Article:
(December 22, 2015) A few years from now millions of people around the world might be walking around with an unusual kind of glass in their mouth, and using it every time they eat.
Engineers at Oregon State University have made some promising findings about the ability of “bioactive” glass to help reduce the ability of bacteria to attack composite tooth fillings – and perhaps even provide some of the minerals needed to replace those lost to tooth decay.
Prolonging the life of composite tooth fillings could be an important step forward for dental treatment, the researchers say, since more than 122 million composite tooth restorations are made in the United States every year. An average person uses their teeth for more than 600,000 “chews” a year, and some studies suggest the average lifetime of a posterior dental composite is only six years.
The new research was just published in the journal Dental Materials, in work supported by the National Institutes of Health.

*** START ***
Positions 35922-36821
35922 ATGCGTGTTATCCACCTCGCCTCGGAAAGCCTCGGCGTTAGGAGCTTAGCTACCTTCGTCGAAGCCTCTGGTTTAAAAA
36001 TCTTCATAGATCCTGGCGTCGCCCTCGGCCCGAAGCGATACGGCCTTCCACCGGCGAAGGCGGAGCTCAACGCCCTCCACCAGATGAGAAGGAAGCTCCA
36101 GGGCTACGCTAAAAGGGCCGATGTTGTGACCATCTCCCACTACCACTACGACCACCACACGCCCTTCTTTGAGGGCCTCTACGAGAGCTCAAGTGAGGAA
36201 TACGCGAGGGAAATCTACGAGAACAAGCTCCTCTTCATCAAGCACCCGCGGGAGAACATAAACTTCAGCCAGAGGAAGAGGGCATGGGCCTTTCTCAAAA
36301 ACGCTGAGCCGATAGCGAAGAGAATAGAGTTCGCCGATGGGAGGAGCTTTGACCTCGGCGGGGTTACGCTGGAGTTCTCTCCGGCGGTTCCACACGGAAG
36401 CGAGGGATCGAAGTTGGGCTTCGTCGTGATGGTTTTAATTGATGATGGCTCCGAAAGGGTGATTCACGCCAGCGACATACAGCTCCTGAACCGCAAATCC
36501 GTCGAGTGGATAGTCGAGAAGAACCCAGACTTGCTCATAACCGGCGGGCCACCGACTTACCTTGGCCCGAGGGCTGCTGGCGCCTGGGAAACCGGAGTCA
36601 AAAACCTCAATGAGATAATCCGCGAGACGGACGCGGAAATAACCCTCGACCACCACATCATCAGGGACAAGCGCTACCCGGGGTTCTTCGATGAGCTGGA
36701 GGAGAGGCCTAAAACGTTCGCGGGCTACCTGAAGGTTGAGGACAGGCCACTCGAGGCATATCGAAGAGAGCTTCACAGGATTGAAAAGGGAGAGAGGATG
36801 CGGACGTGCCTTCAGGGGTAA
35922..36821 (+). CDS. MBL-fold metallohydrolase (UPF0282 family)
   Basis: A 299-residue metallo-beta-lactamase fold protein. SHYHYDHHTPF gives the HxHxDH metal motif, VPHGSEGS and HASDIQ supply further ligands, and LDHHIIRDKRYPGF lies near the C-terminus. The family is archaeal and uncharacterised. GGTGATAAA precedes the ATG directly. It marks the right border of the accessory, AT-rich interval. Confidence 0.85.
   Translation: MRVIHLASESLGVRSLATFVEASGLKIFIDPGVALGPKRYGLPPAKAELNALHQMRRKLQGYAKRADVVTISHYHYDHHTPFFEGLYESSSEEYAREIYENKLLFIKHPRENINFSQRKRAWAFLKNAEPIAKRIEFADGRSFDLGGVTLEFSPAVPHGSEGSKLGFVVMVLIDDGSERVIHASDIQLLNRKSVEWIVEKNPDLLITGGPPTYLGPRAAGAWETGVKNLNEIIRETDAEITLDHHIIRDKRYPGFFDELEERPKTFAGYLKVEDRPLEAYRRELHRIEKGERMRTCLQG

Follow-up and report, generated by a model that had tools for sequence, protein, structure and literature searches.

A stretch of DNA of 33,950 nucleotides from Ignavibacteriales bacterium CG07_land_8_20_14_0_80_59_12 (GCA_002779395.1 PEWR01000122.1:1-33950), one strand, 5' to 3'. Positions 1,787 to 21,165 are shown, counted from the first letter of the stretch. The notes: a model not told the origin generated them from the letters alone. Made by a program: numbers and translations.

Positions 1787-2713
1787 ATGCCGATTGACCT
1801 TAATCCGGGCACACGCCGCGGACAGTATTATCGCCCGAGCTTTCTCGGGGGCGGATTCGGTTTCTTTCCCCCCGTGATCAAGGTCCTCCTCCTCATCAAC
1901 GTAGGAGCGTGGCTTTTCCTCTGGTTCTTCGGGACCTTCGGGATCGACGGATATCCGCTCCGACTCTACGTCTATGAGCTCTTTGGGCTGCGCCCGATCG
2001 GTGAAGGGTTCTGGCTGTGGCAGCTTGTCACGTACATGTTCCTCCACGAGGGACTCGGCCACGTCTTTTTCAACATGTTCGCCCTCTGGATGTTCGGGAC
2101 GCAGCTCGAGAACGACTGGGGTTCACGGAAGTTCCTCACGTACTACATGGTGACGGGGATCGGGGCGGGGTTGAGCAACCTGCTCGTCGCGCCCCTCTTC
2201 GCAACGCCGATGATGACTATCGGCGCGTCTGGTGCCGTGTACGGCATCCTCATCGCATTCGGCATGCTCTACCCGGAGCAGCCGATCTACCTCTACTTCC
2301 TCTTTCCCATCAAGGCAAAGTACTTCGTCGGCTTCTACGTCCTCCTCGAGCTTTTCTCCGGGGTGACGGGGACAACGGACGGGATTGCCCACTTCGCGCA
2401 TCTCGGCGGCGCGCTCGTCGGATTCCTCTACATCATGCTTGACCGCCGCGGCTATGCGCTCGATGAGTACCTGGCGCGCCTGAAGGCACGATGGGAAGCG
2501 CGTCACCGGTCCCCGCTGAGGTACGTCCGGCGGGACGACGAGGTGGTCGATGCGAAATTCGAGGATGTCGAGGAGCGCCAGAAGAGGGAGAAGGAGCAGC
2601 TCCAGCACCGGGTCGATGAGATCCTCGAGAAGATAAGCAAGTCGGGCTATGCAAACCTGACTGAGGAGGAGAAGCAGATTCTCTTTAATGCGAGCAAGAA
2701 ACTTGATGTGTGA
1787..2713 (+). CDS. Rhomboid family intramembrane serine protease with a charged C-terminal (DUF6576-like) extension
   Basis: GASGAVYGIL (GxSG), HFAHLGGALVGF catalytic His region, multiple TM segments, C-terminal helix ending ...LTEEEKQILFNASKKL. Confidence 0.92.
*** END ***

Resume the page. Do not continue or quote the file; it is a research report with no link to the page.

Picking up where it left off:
“Bioactive glass, which is a type of crushed glass that is able to interact with the body, has been used in some types of bone healing for decades,” said Jamie Kruzic, a professor and expert in advanced structural and biomaterials in the OSU College of Engineering.
“This type of glass is only beginning to see use in dentistry, and our research shows it may be very promising for tooth fillings,” he said. “The bacteria in the mouth that help cause cavities don’t seem to like this type of glass and are less likely to colonize on fillings that incorporate it. This could have a significant impact on the future of dentistry.”
Bioactive glass is made with compounds such as silicon oxide, calcium oxide and phosphorus oxide, and looks like powdered glass. It’s called “bioactive” because the body notices it is there and can react to it, as opposed to other biomedical products that are inert. Bioactive glass is very hard and stiff, and it can replace some of the inert glass fillers that are currently mixed with polymers to make modern composite tooth fillings.